Roland is a half-elf knight, fathered by a human noble and an elven ranger who served on a campaign together. After a very brief fling, his father returned home to fulfill his arranged marriage and his mother returned to the forest. She told no one of her encounter with the human, none except her grandfather. He took her from their village under the guise of a pilgrimage, when in fact they moved to a remote area of the forest for her to birth her bastard. Early in the pregnancy the old elf noticed things were not well with the unborn. The mother had horrible nightmares, her health suffered. He pleaded with his granddaughter to let him take the baby and end this demon’s work. But she persisted, insisting that her child would come into the world as nature intended. Roland did come, but he came early and he took his time coming. The mother labored for days, the old elf worried she might not survive. But she was equal to the task, and finally Roland emerged. The grandfather did his best to tend to the mother, but it was to no avail, she perished 3 days after the baby was born. Before she passed, she told him of the boy’s father and asked that when the time was right, he make the boy known to him. The old elf agreed and set about the business of raising Roland. This was no easy thing, as it seemed misfortune hounded his every turn. Spring floods ruined his crops, droughts chased the animals from his normal hunting grounds, pests infested his grain stores, his home was struck by lightning and burned to the ground. But he trudged through it all, raising the boy up as best he could. Roland was a friendly boy who smiled a lot. Not the brightest student, but a hard worker who was easily contented to be with others and share a tale or two. Despite living a rather isolated life, whenever the two would make supply runs to the local villages Roland always found a new best friend or two. He loved meeting new people and they seemed to take to him right away. Life continued on this way for some time. Then, as he approached his 12th birthday, his great grandfather took ill. Despite being an apt pupil, Roland was not capable of tending the old elf’s needs. The grandfather, not wanting to leave a half-breed bastard alone in the world, sent word to the father. Not sure what to expect, he left very specific instructions for the boy should no word arrive before he passed. But, Roland’s father did not send a messenger. He came himself. He arrived in time to speak with the old elf, hear the tale of Roland’s life and to assure him he would be taken in and treated fairly. He offered to take them both to his estate, but the old elf refused. He knew his time would come before the trip would end. He did not want that to be the last memory for Roland to have of him. He hugged him tight, told him to mind his father and always honor his heritage, both sides. And with that, Roland ended his time in the elven world, reclusive as it had been. To his surprise, he learned his father was also named Roland. “Roland the Eld now, I suppose.” He also learned that he had a brother of around the same age and that there was a whole estate full of people eager to meet him, including his stepmother. Apparently it was she that demanded Roland be picked up in person and brought home immediately upon learning of his situation. Roland the Eld lived up to his promises, bringing the boy home, making him a place in his family. He was thrust into the world of human nobles, and despite loathing the countless hours with his tutors trying to force him to learn, he loved the busy estate. His father insisted he learn the way of the sword, insisting that he be able to defend himself and others. “Your worth as a noble is in your ability to protect your people and your lands. If either is not safe, then neither will serve you.” This resonated with Roland deeply and he decided then that he would be a knight. He threw himself into that pursuit, and despite being undersized by human standards, he soon excelled at it. Within a year, he was routinely besting the other boys in the training ring. This included his brother Raff. In spite of the fact that he was junior to Roland by 8 months, Raff stood a head taller and outweighed the half-elf by 2 stones. Raff was never bested in a test of strength or endurance, but in the ring he could never quite catch Roland and always found himself looking up at the diminutive boy. Time passed and with each year, this life became Roland’s norm. He was well liked throughout his father’s lands and was growing into quite the young man. He had ascended to the position of knight-initiate, waiting only for combat in the service of the king or time abroad to complete his training. His father had announced that, regardless of traditions, he held Roland to be a legitimate heir. As such, Roland now stood as his successor as he was the oldest son. This decision enraged his wife and turned Raff against Roland. The two conspired to be rid of him and soon set that plan into motion. Roland was dispatched, along with Raff and 3 others, to provide assistance to his step-mother’s family estate. There was a long standing dispute between her family and a pack of gnolls as to territorial boundaries and it was heating up again. The young men rode out, Roland believing that this might well earn him his knighthood, Raff believing it would return him to his rightful place at his father’s side. Raff had devised a plan in which their group would be ambushed, the others would be killed and he would be wounded. The sole survivor, he would paint Roland as a traitor that had turned on them and then ran. But the mercenaries decided to take them all and their money and sell them into slavery. More money from live slaves than dead knights, they reasoned. The mercenaries made sure to tell Roland who had ordered his death. They also made sure to sell them to different slavers. But knights are not sold to quarry masters, they are sold to lanistas. It might take a life of noble studies to become a knight, but 6 months in a ludus would be enough to make them gladiators. Roland found himself halfway around the world, the property of a wealthy merchant family. He was also under the boot heel of a sadistic dwarf whose job it was to teach him to be a gladiator. Apparently, everything he had ever been taught in his life about anything was wrong. On the odd day when he could understand what was being yelled at him, it was always the same thing. “You aren’t going to make it here, boy-o” But eventually, he did. And not only did he survive, he thrived. He was loved by the crowds. He did not fight with his arm, but with his head and his heart and they worshipped him for it. Even the old dwarf had taken a shine to him. How could he not? Roland was his star pupil, and he painted the sands red every time they demanded it. He served them loyally and made them riches they had not imagined possible. He was their champion, his name echoed throughout the arena for over 5 years. Never bested, he was legend throughout this part of the world. But always, his heart and his mind were home. Finally, Roland was summoned to his lanista’s chambers. There the old man and the Dwarf he called Doctore stripped him of his sword and replaced it with another, a simple wooden sword. “Am I to train others?” Roland asked. “No boy-o, that’s your freedom. You are no longer a gladiator, you are now a rudiarius. You belong to no one, and that rudis is your proof.” They awarded him not only his freedom, but a percentage of the money he had brought them. It was hardly enough to reimburse him his time, but it was enough to get home.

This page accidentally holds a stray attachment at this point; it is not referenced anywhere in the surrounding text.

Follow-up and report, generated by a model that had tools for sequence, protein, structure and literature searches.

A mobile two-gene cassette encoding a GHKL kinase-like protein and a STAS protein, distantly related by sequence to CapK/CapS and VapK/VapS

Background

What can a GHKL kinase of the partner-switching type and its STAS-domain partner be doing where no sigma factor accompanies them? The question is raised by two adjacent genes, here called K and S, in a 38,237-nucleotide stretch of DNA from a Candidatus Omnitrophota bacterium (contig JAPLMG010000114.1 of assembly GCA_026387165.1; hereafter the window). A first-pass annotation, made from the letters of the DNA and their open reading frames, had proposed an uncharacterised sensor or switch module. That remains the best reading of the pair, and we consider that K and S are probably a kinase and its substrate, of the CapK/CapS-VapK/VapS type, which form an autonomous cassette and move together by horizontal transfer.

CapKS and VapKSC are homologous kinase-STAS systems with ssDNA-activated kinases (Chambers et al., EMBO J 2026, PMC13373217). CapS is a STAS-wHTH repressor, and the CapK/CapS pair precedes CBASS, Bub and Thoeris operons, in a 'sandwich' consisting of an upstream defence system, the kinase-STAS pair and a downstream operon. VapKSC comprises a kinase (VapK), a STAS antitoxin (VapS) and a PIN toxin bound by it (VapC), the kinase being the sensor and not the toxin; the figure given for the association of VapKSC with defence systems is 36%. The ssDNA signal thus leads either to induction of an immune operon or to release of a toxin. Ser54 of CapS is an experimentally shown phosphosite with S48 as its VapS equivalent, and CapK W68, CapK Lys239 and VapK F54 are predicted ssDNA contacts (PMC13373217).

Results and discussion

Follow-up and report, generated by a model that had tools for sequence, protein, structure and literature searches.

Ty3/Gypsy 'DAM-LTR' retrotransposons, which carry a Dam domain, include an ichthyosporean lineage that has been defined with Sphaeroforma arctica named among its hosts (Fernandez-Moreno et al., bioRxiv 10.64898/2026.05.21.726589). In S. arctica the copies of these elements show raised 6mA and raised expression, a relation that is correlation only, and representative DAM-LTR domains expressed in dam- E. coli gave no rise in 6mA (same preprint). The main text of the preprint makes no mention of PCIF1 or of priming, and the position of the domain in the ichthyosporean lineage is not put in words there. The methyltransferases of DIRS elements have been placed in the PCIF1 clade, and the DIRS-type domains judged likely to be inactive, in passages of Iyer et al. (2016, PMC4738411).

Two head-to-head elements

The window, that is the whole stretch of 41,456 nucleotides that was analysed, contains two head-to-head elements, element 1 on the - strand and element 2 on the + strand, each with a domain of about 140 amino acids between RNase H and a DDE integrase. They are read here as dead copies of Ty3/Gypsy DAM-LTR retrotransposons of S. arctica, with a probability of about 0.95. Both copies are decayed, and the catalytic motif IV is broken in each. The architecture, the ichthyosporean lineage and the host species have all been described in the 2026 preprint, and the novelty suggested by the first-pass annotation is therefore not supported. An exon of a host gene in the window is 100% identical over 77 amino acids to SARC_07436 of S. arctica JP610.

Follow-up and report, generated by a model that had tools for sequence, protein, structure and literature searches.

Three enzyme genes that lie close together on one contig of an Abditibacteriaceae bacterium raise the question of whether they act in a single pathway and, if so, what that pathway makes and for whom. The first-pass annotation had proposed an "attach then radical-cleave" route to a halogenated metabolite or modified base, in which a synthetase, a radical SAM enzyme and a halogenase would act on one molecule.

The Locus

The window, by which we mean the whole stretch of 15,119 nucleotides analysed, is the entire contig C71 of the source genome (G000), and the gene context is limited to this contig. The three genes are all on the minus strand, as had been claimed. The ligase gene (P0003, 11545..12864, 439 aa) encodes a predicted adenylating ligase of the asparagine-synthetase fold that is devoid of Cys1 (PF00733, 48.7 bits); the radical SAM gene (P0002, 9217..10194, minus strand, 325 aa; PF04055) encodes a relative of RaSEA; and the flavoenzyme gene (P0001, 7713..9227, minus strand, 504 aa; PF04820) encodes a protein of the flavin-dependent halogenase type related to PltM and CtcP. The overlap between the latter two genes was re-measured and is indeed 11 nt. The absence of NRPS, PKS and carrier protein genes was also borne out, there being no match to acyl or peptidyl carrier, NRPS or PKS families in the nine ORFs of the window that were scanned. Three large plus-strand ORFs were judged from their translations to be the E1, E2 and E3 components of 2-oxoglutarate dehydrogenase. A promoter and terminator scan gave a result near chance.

Upon returning, his father told him that the news of Raff’s passing had broken his wife’s heart. She went mad with grief and took her own life. Roland decided not to tell his father that he had no way of knowing what became of Raff. Instead, he let him believe the young man dead. He thought that better than the disappointment of knowing Raff’s true nature. After hearing his son’s tale, Roland the Eld offered Roland the office of high protector and the rank of knight marshal. Roland thought this over for some time. After all, it was exactly what he had wanted as a young man. But, ultimately, he knew it was not where he belonged. He decided instead, to accept the title of knight-errant. He swore to always be at his father’s service when called or to return when his father’s time was ending. But in the interim, he would find his own way in the world.